Underscoring Miller’s assessment, John Delaney, former Mayor of Jacksonville and current President of the University of North Florida, says, “Art is a great listener – usually a shortcoming for elected officials who are used to doing the talking. As a result, he is very informed about both broad issues and on precise pieces of legislation. He even is able to get along with political opponents—also rare.”
As Chairman, Graham also prioritized the importance of opening up the lines of communication between the PSC and the public.
“We try reaching out as many ways as we can, as often as we can. Via the PSC Twitter feed and YouTube channel we have been able to engage with consumers directly,” he said. “It’s also been a very effective way of sharing programs consumers might not have been aware of.
“Right now things are very tough for everyone. For example, if you’re one of those 10.5% who are unemployed, you might benefit from being able to defer your power bill until next year. Most people aren’t aware of programs like L.I.H.E.A.P., the Low-Income Home Energy Assistance Program.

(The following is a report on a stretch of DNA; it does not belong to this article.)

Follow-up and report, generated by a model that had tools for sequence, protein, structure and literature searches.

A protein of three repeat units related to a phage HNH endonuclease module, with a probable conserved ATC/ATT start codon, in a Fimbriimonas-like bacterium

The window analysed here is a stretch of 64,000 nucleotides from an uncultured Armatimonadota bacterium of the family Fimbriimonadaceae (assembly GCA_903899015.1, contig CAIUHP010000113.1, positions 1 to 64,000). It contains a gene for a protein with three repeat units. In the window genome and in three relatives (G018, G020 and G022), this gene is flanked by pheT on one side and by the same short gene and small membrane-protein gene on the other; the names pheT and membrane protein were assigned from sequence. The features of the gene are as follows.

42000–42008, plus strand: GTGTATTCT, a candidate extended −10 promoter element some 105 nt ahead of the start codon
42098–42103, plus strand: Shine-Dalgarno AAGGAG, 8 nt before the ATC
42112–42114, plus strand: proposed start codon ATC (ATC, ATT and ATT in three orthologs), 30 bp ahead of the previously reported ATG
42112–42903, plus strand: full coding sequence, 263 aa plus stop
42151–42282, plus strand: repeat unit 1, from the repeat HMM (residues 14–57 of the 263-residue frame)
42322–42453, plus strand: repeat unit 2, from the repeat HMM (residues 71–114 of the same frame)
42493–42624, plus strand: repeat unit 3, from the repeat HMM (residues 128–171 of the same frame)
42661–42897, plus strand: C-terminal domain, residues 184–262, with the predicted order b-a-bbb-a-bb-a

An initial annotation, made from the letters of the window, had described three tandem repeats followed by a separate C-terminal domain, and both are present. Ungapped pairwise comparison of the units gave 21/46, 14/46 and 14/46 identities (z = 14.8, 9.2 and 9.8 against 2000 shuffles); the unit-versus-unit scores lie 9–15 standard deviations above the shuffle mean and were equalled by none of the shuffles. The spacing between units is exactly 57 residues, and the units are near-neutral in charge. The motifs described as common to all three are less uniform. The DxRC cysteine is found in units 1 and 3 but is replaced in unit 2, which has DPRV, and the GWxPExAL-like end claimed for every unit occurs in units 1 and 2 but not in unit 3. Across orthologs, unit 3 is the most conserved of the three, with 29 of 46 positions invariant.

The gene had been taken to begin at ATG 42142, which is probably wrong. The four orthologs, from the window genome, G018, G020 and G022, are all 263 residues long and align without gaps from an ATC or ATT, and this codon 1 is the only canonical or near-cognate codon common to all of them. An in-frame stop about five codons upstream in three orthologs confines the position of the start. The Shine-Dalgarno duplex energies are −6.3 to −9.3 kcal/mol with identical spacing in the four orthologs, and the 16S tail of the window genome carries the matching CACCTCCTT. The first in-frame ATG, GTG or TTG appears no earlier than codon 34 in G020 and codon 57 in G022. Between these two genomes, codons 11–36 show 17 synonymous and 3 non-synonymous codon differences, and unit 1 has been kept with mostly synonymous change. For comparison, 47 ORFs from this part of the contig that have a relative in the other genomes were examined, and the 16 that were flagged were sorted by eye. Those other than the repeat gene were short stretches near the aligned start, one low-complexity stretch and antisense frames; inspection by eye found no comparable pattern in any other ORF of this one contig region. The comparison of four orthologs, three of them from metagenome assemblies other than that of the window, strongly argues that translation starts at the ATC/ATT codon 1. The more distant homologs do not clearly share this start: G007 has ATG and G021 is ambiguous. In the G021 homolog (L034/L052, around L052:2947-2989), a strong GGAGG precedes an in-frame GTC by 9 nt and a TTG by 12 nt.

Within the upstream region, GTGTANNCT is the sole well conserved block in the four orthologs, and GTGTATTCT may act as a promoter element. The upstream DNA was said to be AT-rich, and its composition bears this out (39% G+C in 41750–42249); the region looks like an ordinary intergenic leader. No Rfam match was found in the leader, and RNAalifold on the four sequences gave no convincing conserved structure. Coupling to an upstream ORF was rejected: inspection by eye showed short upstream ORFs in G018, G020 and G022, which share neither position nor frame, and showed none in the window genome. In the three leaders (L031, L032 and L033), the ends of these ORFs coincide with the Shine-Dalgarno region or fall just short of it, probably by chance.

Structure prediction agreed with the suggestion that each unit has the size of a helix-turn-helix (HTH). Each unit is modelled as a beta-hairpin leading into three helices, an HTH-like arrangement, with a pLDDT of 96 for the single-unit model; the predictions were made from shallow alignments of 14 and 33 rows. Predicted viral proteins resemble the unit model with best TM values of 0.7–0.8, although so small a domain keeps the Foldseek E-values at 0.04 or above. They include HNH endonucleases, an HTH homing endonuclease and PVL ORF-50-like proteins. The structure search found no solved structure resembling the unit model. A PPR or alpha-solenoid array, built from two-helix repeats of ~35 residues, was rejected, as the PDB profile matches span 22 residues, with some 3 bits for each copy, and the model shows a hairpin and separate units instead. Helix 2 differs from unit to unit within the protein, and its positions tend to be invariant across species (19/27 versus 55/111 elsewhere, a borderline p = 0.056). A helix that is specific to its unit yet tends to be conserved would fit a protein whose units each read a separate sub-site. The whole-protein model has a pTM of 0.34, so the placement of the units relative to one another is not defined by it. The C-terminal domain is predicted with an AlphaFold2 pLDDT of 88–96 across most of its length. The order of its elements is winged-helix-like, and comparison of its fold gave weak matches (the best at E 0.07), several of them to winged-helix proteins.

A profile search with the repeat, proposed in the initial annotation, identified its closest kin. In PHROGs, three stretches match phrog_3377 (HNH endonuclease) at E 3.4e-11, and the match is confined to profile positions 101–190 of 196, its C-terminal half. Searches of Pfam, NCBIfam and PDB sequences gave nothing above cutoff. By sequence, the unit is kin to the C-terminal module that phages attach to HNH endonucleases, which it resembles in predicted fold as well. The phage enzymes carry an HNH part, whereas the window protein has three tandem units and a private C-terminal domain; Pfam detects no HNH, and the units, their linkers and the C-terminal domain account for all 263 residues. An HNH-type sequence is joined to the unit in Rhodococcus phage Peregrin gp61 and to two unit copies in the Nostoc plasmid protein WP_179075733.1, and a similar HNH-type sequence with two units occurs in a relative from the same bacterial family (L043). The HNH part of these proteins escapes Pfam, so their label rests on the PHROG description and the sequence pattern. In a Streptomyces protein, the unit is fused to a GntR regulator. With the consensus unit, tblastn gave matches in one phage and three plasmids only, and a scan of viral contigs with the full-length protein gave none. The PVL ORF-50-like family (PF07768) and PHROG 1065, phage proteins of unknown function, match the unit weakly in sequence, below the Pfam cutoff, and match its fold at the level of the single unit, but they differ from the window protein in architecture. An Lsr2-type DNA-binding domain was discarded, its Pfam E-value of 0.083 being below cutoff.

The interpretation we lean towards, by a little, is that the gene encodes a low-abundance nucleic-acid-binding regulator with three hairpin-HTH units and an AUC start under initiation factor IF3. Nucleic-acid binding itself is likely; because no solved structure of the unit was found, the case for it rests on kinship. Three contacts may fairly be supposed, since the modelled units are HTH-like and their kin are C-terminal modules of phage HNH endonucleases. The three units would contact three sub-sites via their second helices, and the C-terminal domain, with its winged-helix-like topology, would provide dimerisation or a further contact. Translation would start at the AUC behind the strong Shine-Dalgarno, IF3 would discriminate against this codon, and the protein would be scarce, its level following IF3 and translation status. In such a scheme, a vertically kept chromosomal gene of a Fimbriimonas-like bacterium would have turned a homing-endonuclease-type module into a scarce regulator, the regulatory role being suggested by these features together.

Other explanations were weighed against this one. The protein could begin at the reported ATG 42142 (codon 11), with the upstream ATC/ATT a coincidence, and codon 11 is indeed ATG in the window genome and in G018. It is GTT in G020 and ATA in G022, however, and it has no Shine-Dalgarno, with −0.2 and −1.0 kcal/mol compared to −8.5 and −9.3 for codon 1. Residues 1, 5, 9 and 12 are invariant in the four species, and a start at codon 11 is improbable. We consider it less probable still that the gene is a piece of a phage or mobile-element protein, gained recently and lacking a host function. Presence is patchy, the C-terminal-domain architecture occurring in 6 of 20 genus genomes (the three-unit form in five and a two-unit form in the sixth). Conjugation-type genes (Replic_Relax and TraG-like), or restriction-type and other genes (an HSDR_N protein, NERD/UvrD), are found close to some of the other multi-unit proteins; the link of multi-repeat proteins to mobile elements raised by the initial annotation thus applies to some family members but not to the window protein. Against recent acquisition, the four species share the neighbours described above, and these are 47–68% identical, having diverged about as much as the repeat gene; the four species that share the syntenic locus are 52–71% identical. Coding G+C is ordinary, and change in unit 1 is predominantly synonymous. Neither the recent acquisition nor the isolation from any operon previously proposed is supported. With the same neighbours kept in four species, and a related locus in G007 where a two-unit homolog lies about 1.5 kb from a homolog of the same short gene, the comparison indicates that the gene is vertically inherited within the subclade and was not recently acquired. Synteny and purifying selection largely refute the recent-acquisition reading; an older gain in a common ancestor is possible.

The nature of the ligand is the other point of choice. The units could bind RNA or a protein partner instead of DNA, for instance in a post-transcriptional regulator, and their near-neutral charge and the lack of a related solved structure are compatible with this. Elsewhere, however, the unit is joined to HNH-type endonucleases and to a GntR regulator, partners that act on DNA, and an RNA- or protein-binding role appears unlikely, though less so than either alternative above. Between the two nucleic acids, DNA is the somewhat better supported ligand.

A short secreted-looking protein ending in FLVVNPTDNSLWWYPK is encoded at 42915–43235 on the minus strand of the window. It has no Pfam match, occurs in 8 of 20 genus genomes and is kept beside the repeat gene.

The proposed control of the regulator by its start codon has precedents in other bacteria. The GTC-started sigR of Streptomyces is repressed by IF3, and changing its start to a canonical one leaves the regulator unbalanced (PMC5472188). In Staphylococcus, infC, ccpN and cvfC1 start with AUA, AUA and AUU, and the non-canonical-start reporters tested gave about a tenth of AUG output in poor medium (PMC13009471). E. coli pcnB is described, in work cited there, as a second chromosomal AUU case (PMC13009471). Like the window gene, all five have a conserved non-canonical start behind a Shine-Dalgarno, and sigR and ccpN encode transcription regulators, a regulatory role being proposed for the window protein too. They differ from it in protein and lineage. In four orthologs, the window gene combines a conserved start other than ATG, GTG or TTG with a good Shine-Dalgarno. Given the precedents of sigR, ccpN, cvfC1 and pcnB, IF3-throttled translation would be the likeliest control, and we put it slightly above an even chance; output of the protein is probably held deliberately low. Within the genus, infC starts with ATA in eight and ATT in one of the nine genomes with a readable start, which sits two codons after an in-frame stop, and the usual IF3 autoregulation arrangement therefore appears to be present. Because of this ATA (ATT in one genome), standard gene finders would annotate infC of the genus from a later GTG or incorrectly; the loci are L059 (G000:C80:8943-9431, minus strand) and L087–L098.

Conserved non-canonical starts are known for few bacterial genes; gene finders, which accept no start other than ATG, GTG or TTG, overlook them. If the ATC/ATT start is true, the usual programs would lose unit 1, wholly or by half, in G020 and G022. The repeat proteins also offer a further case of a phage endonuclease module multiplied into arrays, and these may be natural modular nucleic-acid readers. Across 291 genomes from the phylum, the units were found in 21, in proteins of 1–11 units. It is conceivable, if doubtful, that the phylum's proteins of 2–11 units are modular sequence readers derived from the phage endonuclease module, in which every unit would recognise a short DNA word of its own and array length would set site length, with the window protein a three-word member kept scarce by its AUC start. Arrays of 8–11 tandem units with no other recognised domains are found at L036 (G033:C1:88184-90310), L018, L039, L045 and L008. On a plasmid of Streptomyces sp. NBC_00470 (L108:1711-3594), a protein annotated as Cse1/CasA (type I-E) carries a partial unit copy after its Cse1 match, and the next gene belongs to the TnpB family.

“Our work doesn’t end with simply informing the public,” he said, “we also offer advice on how to manage and conserve energy so that bills become manageable.”
Graham says he hopes the Commission will continue to ensure the state’s regulatory process and programs would lead to reasonable rates and reliable services for consumers, and a more stable regulatory environment focused on stimulating more investment in Florida and jobs for Floridians.
A supporter of Governor Rick Scott’s plan to bring 700,000 jobs to the state, Graham says, “the work at the commission should focus on contributing to that plan.”
“Keeping the lines of communication open is most important when it comes to the work the PSC does and how it interacts with consumers. We’re going to continue to ensure that viable companies are providing dependable power at reasonable rates.”
Now that Graham will no longer Chair the Commission, the rumor mill is alive with speculation that he is considering a position as CEO of JEA.
When asked about his plans for the future, Graham told Politic365, “I enjoy what I am doing. I want to continue serving Floridians.”